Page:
Honoring Sledge’s legacyPublished 10:06pm Monday, April 19, 2010
He was a man dedicated to his country, a man of humor and a man who loved his family, said friends and family members of the late Eugene Sledge.
More than 100 Montevallo residents, visitors and University of Montevallo students and faculty gathered at Parnell Memorial Library April 19 to celebrate Sledge’s book “With the Old Breed,” which served as the basis for the HBO series “The Pacific.”
Sledge, a Mobile native who died in Montevallo in 2001, served with the U.S. Marine Corps in the Pacific Theater of World War II.
He saw combat in the Battle of Peleliu and the Battle of Okinawa before attending Auburn University and teaching biology at UM.
During the event, Sledge’s son, Henry, described his father as a calm, humorous and loving man who did not let his war experiences interfere with his relationship with his family.
“There was not a dark side to him. He was a solid family man,” Henry said after showing the audience pictures of his visit to Peleliu in 1999. “I think he was a paragon of self control.”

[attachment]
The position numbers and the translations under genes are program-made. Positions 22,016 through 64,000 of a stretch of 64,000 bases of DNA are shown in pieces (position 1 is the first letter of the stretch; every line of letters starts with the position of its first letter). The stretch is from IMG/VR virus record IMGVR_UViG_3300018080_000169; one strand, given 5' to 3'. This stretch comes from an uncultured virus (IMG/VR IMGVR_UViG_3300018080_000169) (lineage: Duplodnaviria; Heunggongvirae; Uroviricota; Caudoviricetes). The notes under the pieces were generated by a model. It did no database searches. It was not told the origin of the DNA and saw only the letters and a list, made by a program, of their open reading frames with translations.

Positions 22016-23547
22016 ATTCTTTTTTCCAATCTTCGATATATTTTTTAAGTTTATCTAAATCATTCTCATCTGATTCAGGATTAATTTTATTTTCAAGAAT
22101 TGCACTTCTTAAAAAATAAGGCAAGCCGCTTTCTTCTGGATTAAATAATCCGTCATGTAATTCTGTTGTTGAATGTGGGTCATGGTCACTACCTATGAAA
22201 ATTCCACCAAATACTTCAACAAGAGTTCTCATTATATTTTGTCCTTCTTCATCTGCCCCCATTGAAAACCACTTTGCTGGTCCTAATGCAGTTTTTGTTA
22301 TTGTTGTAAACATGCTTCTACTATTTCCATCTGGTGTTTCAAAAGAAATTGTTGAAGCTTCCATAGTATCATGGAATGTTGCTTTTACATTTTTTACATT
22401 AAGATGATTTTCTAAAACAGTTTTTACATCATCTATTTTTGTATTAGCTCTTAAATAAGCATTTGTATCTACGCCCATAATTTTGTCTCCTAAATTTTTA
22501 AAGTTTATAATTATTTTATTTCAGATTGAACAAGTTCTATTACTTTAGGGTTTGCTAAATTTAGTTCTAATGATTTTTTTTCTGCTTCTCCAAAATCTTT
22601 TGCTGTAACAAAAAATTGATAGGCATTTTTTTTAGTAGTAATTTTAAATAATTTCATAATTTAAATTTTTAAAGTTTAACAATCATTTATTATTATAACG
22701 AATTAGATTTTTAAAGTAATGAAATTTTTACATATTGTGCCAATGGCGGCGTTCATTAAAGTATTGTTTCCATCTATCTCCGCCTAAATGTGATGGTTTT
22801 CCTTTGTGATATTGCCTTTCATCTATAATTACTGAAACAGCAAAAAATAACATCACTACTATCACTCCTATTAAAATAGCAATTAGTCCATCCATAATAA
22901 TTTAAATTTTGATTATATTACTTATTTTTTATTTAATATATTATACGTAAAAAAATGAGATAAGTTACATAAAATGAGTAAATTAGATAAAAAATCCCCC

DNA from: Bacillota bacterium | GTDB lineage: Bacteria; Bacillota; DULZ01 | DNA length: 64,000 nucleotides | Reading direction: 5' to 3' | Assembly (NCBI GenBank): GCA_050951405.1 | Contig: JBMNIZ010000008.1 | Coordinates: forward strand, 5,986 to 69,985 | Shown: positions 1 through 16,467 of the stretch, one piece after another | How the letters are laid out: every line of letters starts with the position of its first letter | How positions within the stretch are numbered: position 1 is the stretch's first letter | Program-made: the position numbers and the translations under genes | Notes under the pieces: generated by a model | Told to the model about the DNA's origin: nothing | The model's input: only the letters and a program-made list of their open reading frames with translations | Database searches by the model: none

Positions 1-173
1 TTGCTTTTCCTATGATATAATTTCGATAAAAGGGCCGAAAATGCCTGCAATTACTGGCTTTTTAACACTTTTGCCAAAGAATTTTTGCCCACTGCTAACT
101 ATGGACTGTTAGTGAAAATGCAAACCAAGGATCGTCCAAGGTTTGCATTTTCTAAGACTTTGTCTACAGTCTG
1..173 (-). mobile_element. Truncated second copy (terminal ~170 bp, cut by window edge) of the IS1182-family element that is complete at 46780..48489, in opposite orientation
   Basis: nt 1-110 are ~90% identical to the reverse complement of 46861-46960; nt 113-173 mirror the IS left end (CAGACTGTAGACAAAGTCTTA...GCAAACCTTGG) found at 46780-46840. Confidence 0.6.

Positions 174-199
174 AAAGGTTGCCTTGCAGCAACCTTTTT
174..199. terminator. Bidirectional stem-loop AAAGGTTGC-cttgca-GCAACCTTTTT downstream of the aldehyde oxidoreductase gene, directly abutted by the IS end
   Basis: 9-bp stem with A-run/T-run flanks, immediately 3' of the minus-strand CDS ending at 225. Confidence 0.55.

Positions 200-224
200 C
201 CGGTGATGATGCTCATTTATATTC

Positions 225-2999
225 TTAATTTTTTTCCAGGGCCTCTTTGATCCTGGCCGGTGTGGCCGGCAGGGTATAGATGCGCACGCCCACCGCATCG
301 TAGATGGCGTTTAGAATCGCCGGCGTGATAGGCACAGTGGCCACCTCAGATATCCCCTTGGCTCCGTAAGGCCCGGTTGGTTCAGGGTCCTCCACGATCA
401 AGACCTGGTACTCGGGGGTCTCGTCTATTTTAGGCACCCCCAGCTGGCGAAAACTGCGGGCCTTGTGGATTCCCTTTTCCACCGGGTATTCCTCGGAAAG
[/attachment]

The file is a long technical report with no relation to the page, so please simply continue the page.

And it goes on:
Although Sledge saw frontline combat in two of the most hotly contested islands in the Pacific Theater, he maintained a sense of humor and a calm demeanor throughout the rest of his life after the war, Henry said.
“When I started planning to go to Peleliu in 1999, I asked my father if he wanted to go with me, and I told him all his expenses would be paid since he was a veteran,” Henry said.
“When I mentioned it to him, he said ‘hell no, I’ve already gotten an all-expense paid trip to that place,’” Henry added as the audience laughed.
During the event, a panel of UM history professors and a UM graduate student praised Sledge’s book, saying it gave a sense of realism to the war.
“He was certainly not a historian. He writes with a terseness and an elegance that I think makes it more believable,” said UM history professor Ruth Truss. “He is speaking for the Marines who don’t have an opportunity to say it themselves.
“We can appreciate what he went through because he writes so personally,” Truss added. “It’s his story, but it is also the story for many other men.”
Because Sledge wrote the book in a personal, matter-of-fact manner, it can sometimes be difficult to grasp the book’s subtlety, said UM graduate student Kouri Allen.
“I actually had a hard time reading it,” Allen said. “I had to go back several times and re-read things to grasp the magnitude of what he said.
“I think what he did was a huge task to ask of people that young,” Allen added.